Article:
+ The women (and girls) in this story are strong, intelligent, and capable (as are the men.)
+ The author manages to fit all the pieces together, and it makes for a satisfying ending.

Cons:
- There was a handful of times when characters did something I absolutely didn't believe (approach a zombie pushing a baby carriage and reach in to pick up the blanket; set off a flare gun knowing what it would do; refuse to shoot attacking "children"; have a child catch a fox with her bare hands; etc.) If the author wants me to believe hooey like that, he'd better make sure he sets it up first.
- Mr. Carey writes well enough that he doesn't need extra dialogue tags, and yet he insists on using them (to my annoyance.) "Demands" is used 30 times in the book, and it's not needed once.
- I preferred my first person narration to be told in first person: "I" versus "He" or "She" (not 3rd person but sort of inside the character's head.)
- The title is terrible. No allure whatsoever.
- The cover art is boring. Yawn. Is this the best you can do?

Finally, I did listen to a bit of the audiobook version. I liked it a lot except for the British pronunciations of the words ending in "a" ("data" pronounced as "dater", etc.)

All in all: I would recommend the book to anyone who likes science-based dystopian fiction.

Those Who Save Us

Those Who Save Us - Jenna Blum I wonder why the writer, editor, and publisher chose not to put the dialogue in quotation marks? I found it confusing (and annoying).

Still, the mix of past and present worked except where the story felt contrived. The author did not convince me that Anna was real. Her motivations and loyalties were told rather than shown.

[spoiler] WHY would she leave bread, risking her life and her daughter when food was scarce? We never heard about the notes left (only the delivery details). How could they have been a motivation?

The question the book attempts to answer: how could so many women have stood by and watched their neighbors be murdered is answered in part (they were busy trying to survive), but the moral of the story seems to be: your best bet in difficult times is to be beautiful.

3 1/2 stars.

The Burning of Cherry Hill

The Burning of Cherry Hill - A.K. Butler Great beginning. Somewhere around chapter 7 the writing falls off. I bought the book based on the reviews and awards, but I didn't finish it. It could have used a tougher editor. And the book is nothing like the fluffy, flowery cover.

Looking for Alaska

Looking for Alaska - John Green A decent read but the ending is predictable, and there's too much smoking and drinking.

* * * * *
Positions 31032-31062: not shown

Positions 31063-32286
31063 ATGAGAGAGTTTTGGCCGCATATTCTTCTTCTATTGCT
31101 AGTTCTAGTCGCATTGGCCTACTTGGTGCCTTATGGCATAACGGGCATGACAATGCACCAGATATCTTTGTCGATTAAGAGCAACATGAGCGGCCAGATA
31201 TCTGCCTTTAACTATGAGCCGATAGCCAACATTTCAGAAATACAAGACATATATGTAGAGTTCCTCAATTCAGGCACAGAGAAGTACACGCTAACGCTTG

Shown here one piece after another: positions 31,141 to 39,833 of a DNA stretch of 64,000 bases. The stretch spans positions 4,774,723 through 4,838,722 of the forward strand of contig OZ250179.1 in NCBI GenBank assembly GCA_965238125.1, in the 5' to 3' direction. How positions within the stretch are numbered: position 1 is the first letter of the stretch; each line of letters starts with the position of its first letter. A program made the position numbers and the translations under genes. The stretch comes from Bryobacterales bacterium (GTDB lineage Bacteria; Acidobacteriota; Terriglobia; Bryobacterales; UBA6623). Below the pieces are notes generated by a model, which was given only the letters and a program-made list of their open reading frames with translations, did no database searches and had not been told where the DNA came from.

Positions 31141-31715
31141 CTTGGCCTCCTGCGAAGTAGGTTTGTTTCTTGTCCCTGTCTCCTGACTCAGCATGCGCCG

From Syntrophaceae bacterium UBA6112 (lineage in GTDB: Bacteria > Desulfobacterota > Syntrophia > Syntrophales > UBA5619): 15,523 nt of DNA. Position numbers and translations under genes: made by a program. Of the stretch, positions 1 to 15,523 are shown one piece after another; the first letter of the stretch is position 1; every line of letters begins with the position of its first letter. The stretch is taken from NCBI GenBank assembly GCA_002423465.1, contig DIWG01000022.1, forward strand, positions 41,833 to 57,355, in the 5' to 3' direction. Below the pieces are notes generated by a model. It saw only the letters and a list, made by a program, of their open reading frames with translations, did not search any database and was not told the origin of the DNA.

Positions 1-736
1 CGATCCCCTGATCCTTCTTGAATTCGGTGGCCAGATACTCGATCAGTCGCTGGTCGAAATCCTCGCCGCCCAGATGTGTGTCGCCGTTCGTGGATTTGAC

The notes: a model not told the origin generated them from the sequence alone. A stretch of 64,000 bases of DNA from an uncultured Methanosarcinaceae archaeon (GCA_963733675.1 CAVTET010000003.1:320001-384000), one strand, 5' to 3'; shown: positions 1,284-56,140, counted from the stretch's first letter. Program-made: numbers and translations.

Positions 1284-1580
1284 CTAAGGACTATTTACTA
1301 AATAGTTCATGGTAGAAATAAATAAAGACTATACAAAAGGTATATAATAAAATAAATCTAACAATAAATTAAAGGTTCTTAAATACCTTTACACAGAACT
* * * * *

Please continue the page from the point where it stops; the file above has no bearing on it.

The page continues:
Me Before You

Me Before You - Jojo Moyes Will is a hero of a different stripe, but still a hero.

In the end, through adversity, triumph, and even love...
This above all: to thine own self be true.

You may disagree with Will's choice, but is not YOUR CHOICE to make. It's his, and although I'm sure the author is going to take heat for it, she let him choose his own destiny. We should all be so lucky.

Living And Dying with Dogs

Living And Dying with Dogs - Duke Miller Heart of Darkness; Soul of Light

When it comes to others' misery, most of us live in comfortably sheltered darkness. Duke Miller has turned gorgeous moonlight onto ghastly suffering. His lyrical, sensuous prose paints a masterpiece that is both exquisite and terrible. There are so many clever turns of phrase, so many perfect metaphors for so much pain, suffering, and inhumanity that the reader is enchanted and seduced while being repulsed and sickened.

It's a love story where beauty and atrocity linger naked in bed together, and you will want to watch their every move, listen to their every sigh., and when you are done, you will want more.

Avogadro Corp

Avogadro Corp - William Hertling N.B. I didn't finish the book. I found the allusion to Google to be a bit trite, but I was willing to give the author a chance to prove me wrong. This could be a good story, but there were too many grammatical errors in the first few pages. If the author wishes to compare himself to Daniel Suarez, then he needs to find a good copyeditor at the very least.

Butterman (Time) Travel, Inc.

Butterman (Time) Travel, Inc. - P.K. Hrezo N.B. I stopped reading after the first page. There were too many grammatical errors: I had to keep rereading sentences because they were fragmented or incorrectly punctuated. It could be a good book, but it is in need of copyediting.

When You Were Older

When You Were Older - Catherine Ryan Hyde 3 1/2 stars: Good book that could have been a great book.

In need of editing and better typesetting: "And I thought, That's my older brother."

Russell is not a believable character, and that makes it impossible to connect with him. His inner dialogue rambles and does not match his behavior. Ben is well drawn once his brain is damaged, but younger Ben is overdone and one dimensional. Most of the secondary characters don't feel authentic.

The flow of the story is good, and the book is easy to read (with the exception of a couple of sections toward the end). But, I didn't find the ending satisfying: Ben is going to be happy living in a small NYC apartment with a house cleaner as his new buddy? Not likely.

When I Found You

When I Found You - Catherine Ryan Hyde Strong voice; There are places where it feels manipulated (first good things happen, then bad, then good, then bad... etc.)